By Vina Medenilla
Nowadays, the majority of us spend most of our lives indoors. And with the ongoing health crisis, it is important to make sure that the air that we breathe at home is also safe.
A plant mom
One such person who keeps her home’s air quality clean and healthy is Solenn Heussaff, an actress, model, author, and painter. After giving birth early this year, Heussaff shows her nurturing side, not only to her newborn daughter Thylane, but also to her indoor plants at home.
She said that to keep the best air quality, one must have good ventilation, use air purifiers and natural furniture, open up the windows from time to time, and tend plants. In her case, she grows plants to remove air toxins. “This is why I have a lot of plants at home because one, it looks beautiful, two, I do not have a garden, and three, it does help with the air and the atmosphere in our house,” Heussaff explained in a video.
She recently uploaded a plant tour on her YouTube account, where she mainly posts about her travels, workout routine, and cooking series. The caption goes, “Since we’re spending so much time inside, I try to make sure the air we’re breathing in at home is healthy. And that’s why I have so many plants!”
Some of the houseplants that she tend are areca palm (Dypsis lutescens), foxtail palm tree (Wodyetia bifurcata), fortune plant (Dracaena sanderiana), peace lily (Spathiphyllum), rubber plant (Ficus elastica), snake plant (Dracaena trifasciata), philodendron (Philodendron bipinnatifidum), fiddle leaf (Ficus lyrata), spider plant (Chlorophytum comosum), swiss cheese plant (Monstera deliciosa), chinese evergreen (Aglaonema), ponytail palm tree (Beaucarnea recurvata), pothos vine (Epipremnum aureum), and dracaena anita (Dracaena reflexa).
Since they have a cat and a dog, Heussaff had to research the plants first for their pets’ safety. She says, “I had to kind of research on what plants can be toxic to my animals. But usually, most of the time, plants are safe unless your animals eat them.”
In a blog post, Heussaff admitted: “I’m definitely not an expert, which is why I like going for plants that are kind of easy to take care of and maintain.” Despite this, she shares some tips that she learned so far from her gardening experience.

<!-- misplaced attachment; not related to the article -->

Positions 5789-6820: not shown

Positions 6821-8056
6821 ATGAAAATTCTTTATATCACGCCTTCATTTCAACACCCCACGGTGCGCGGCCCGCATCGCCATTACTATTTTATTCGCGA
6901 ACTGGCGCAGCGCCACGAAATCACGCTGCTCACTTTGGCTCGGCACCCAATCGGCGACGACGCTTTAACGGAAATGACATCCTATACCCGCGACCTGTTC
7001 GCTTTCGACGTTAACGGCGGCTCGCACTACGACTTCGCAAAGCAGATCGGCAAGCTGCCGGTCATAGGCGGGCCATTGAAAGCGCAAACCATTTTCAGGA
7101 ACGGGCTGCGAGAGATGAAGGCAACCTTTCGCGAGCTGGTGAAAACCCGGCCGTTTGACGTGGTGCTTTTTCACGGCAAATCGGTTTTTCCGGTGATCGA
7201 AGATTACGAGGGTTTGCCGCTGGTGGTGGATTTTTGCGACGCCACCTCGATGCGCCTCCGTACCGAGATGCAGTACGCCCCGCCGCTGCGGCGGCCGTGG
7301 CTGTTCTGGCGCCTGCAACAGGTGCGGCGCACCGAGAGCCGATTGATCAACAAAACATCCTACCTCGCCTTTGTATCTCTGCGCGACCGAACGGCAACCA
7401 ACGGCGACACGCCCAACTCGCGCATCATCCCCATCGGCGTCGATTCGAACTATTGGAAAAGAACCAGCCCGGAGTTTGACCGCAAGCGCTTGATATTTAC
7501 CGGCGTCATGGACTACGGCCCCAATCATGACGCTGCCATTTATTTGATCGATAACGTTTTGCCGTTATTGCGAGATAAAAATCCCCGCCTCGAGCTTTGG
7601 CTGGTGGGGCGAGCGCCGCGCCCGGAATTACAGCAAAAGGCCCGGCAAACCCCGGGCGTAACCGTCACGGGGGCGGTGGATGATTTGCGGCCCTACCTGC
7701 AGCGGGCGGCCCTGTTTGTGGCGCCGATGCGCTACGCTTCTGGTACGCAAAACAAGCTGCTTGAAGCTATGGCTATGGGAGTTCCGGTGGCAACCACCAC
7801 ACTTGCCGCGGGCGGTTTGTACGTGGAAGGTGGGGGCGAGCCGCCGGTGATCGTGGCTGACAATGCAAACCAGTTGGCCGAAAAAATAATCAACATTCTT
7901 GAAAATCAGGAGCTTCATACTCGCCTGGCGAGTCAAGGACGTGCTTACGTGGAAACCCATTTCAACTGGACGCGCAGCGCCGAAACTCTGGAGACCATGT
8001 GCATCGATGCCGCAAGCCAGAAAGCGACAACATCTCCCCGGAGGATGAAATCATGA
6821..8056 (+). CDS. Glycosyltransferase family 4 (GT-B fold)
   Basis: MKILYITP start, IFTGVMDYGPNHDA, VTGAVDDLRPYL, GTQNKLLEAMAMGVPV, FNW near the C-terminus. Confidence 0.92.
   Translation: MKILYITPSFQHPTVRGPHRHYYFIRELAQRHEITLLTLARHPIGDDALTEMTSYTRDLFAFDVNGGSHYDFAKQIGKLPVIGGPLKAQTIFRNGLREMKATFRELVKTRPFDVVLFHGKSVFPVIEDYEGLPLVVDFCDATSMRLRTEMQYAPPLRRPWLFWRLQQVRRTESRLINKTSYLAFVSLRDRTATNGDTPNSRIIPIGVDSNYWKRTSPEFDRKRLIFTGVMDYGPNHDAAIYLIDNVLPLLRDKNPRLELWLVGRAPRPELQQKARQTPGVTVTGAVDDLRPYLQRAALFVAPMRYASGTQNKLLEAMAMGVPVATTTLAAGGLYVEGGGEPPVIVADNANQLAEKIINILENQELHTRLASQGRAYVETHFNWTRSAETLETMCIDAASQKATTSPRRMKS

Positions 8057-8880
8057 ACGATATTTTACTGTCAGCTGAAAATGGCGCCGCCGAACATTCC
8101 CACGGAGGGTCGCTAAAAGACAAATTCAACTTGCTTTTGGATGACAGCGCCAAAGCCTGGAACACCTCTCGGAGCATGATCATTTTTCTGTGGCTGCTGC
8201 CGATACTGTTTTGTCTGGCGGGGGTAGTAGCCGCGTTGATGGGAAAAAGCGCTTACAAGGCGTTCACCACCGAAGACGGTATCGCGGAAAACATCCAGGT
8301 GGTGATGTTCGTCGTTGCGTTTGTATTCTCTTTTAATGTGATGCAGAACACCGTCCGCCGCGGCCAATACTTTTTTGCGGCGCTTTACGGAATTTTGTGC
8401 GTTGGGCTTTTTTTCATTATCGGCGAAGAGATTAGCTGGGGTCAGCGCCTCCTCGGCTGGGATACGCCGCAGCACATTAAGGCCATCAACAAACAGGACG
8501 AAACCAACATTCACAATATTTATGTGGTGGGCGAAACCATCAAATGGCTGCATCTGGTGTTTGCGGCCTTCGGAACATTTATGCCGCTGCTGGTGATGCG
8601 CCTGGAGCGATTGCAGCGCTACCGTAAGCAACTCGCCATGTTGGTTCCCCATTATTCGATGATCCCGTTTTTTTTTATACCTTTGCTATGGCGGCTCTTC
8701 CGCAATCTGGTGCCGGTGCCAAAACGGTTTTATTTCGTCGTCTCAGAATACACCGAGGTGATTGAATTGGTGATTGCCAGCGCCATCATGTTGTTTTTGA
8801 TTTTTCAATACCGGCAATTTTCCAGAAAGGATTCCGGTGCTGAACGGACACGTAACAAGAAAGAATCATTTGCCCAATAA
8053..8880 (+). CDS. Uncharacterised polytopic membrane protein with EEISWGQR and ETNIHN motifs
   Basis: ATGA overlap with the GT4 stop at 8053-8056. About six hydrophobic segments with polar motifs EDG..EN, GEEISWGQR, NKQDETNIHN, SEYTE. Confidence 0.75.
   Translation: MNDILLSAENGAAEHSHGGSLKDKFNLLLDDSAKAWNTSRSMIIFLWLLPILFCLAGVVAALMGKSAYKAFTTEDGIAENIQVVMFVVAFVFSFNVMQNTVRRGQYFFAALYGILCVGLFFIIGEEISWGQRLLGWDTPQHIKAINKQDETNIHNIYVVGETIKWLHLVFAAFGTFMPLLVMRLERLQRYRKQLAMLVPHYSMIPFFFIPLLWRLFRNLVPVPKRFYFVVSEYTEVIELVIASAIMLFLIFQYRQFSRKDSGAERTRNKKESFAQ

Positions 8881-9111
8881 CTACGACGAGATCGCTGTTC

In maintaining plants, Heussaff says to ensure that the plants get enough natural light. In most cases, without windows that give enough sunlight, big plants like palm trees won’t survive.
Every week, Heussaff makes sure to bring some of her houseplants outside to get some full sun. For those whose houses have no windows, the safest option, as per Heussaff, is a fortune plant because it doesn’t need any sunlight and only requires watering once a month. Plants like areca are likewise easy to grow and are great to be placed in the living room or in any spots near the window.
Heussaff stresses that most of the indoor plants can grow well as long as they are placed by the windows that are not overexposed to direct sun. She says, “Make sure you know where the sun rises and the sun sets.” In her plant tour, she showed a fiddle leaf that got burnt by the sun. When this occurs, you just need to cut the damaged leaves, close the curtains, and apply necessary vitamins for the plants to recover.
When it comes to watering, one sign that the plant needs water is when the leaves look sad or are drooping. And if the leaves fall, it means it’s overwatered. Heussaff says, “If you put water in your plants and then you see that there’s water that stays here [on the saucer], make sure you remove the water, so that it doesn’t make the soil too moist.” In most of her plants, she waters them once a week with about 500ml of water each, except for her foxtail palm tree that requires three liters of water. As per Heussaff, it is also good to arrange and level your plants according to their height by using tools, tables, or recycled boxes.
Rubber plants and mother-in-law’s tongues, also called snake plants, are other low-maintenance plants that work well indoors. Heussaff mostly puts the latter in the bathroom and other shaded areas at home. Both rubber and snake plants only require watering once a week.
See the full video here:
Being at home doesn’t mean we’re completely safe as toxic indoor air is also hazardous to our health, hence, the need to maintain a good household air quality for everyone’s sake.
Photos screen captured from Solenn Heussaff’s vlog.